October 23, 2017


“Sooner or later you reach a point where you have to strongly consider sacrificing some of that depth to address needs elsewhere on the club.  We’re entering a phase where we have to be really open-minded to that if it makes the overall outlook of the team and organization better.” --- Theo Epstein

General managers often fall in love "with their guys." To the point of overvaluing them; overprotecting them from the trade market; and hyping potential over performance.

The Epstein-Hoyer management has their own guys like Lester, Rizzo, Bryant, Schwarber and Happ.

Whether they will stick with their guys or move them will be the major story in the off-season. Much of the early blame to the playoff flame out was on the faltering bullpen and pitching staff (which led to the firing of pitching coach Chris Bosio.) But in reality, the offensive was so bad it would have taken perfect pitching to win against the Dodgers.

The Cubs go into the off-season with a lot of work to do.

The starting pitchers on the roster with major league experience as of this moment: Lester, Hendricks, Quintana, Zastryzny, Montgomery, Tseng.

Relievers on the roster with major league experience: Maples, Strop, Wilson.

From first glance, the Cubs have to sign three more starting pitchers this off season and find seven more major league ready relief pitchers in order to have pitching staff depth in 2018.

One of the great failures of the current Cubs front office is the inability to draft and develop starting pitchers. Approximately 48 percent of all Cub draft choices have been pitchers. The minor leagues is devoid of any can't miss pitching prospects. It puts pressure on the team to go out and trade or sign pitchers (which is the highest value commodity in the off-season).

The projected 2018 rotation is simple: Lester, Hendricks, Quintana, UNKNOWN, UNKNOWN.

The bullpen is more a mess considering Wilson was pegged to be the next closer, and he got dropped from the playoff roster because of his bad performance.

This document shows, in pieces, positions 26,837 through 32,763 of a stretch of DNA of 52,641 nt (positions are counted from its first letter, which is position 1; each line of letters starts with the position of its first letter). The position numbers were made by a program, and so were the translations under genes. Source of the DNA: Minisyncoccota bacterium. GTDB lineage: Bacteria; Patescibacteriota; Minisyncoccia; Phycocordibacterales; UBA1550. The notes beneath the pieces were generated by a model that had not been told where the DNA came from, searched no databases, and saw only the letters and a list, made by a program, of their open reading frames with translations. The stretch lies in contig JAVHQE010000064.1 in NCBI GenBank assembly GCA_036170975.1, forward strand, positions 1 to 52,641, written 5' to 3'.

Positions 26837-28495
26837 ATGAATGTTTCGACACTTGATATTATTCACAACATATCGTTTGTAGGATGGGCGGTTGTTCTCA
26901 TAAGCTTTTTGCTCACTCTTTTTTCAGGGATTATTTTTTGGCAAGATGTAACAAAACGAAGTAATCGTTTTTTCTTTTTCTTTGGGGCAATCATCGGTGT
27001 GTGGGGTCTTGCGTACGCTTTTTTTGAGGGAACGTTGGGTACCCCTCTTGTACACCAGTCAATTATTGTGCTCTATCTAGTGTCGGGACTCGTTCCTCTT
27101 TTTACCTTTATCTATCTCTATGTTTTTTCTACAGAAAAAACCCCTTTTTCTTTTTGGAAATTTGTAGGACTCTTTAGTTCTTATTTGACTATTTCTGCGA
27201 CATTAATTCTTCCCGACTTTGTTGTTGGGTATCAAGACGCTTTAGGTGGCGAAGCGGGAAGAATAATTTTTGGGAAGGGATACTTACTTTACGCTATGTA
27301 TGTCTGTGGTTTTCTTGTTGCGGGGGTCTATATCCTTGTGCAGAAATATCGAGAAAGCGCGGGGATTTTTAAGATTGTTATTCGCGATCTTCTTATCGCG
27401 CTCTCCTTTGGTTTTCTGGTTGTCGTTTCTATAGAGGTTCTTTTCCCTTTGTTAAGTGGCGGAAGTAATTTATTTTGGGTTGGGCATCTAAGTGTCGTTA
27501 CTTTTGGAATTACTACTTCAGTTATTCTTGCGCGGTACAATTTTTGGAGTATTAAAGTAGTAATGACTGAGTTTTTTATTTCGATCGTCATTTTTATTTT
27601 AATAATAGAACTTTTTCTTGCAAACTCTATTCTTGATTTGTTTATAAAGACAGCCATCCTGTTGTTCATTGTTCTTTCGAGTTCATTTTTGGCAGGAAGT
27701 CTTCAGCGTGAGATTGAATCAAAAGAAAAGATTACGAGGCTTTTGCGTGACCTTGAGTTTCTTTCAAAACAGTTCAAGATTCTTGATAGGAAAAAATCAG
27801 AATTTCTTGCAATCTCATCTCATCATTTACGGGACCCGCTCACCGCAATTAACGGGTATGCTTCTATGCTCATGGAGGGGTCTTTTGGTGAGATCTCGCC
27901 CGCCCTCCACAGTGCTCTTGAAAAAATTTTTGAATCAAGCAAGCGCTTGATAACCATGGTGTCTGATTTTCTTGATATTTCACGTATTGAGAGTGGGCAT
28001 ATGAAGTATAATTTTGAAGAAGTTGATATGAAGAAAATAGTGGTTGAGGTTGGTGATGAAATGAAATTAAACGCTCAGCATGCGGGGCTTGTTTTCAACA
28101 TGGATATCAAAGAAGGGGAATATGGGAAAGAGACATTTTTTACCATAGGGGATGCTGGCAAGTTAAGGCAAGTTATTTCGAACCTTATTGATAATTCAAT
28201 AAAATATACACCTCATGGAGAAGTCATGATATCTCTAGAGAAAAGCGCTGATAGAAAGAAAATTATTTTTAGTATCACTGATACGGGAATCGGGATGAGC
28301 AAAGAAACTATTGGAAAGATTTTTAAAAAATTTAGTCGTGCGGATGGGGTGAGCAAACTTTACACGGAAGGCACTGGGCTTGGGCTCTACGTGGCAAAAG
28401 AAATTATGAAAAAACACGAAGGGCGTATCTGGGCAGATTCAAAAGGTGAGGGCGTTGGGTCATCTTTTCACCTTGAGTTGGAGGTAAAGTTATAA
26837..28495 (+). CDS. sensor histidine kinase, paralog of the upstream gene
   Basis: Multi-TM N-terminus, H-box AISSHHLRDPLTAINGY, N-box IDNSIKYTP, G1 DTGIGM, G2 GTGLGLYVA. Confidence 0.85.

Another problem with the current Cubs team is Maddon's tendency to "over manage" his club. He likes players who can play multiple positions, even if they have never played it before or are not the best at it. Prime example was playing Zobrist in RF. At times, he was slow to break on balls and did not cover much ground. Heyward is a defensive gold glove, but has a concrete bat.

Both Zobrist and Heyward appear to be expensive bench players. Heyward and Zobrist both have not trade clauses. Heyward will make $21.5 million and Zobrist $16.5 million next year.

The infield is set with Bryant, Russell, Baez, Rizzo and Contreras. Caratini projects to be the back up at catcher and first. LaStella projects to be the second super sub off the bench.

The outfield appears to have only Schwarber, Almora and Heyward. Happ seems to Joe's new Tampa Zo, moving from infield and outfield game by game.

With so many major holes to fill with little left in the minors to trade, some contract controlled player will have to be moved in a trade. Schwarber, Baez or Happ seem to be the most likely candidates.

Theo has painted himself into a corner to make some hard choices. The championship hangover is now over. Fans expect the Cubs to be in the playoffs next year to erase the disappointing finish to this season.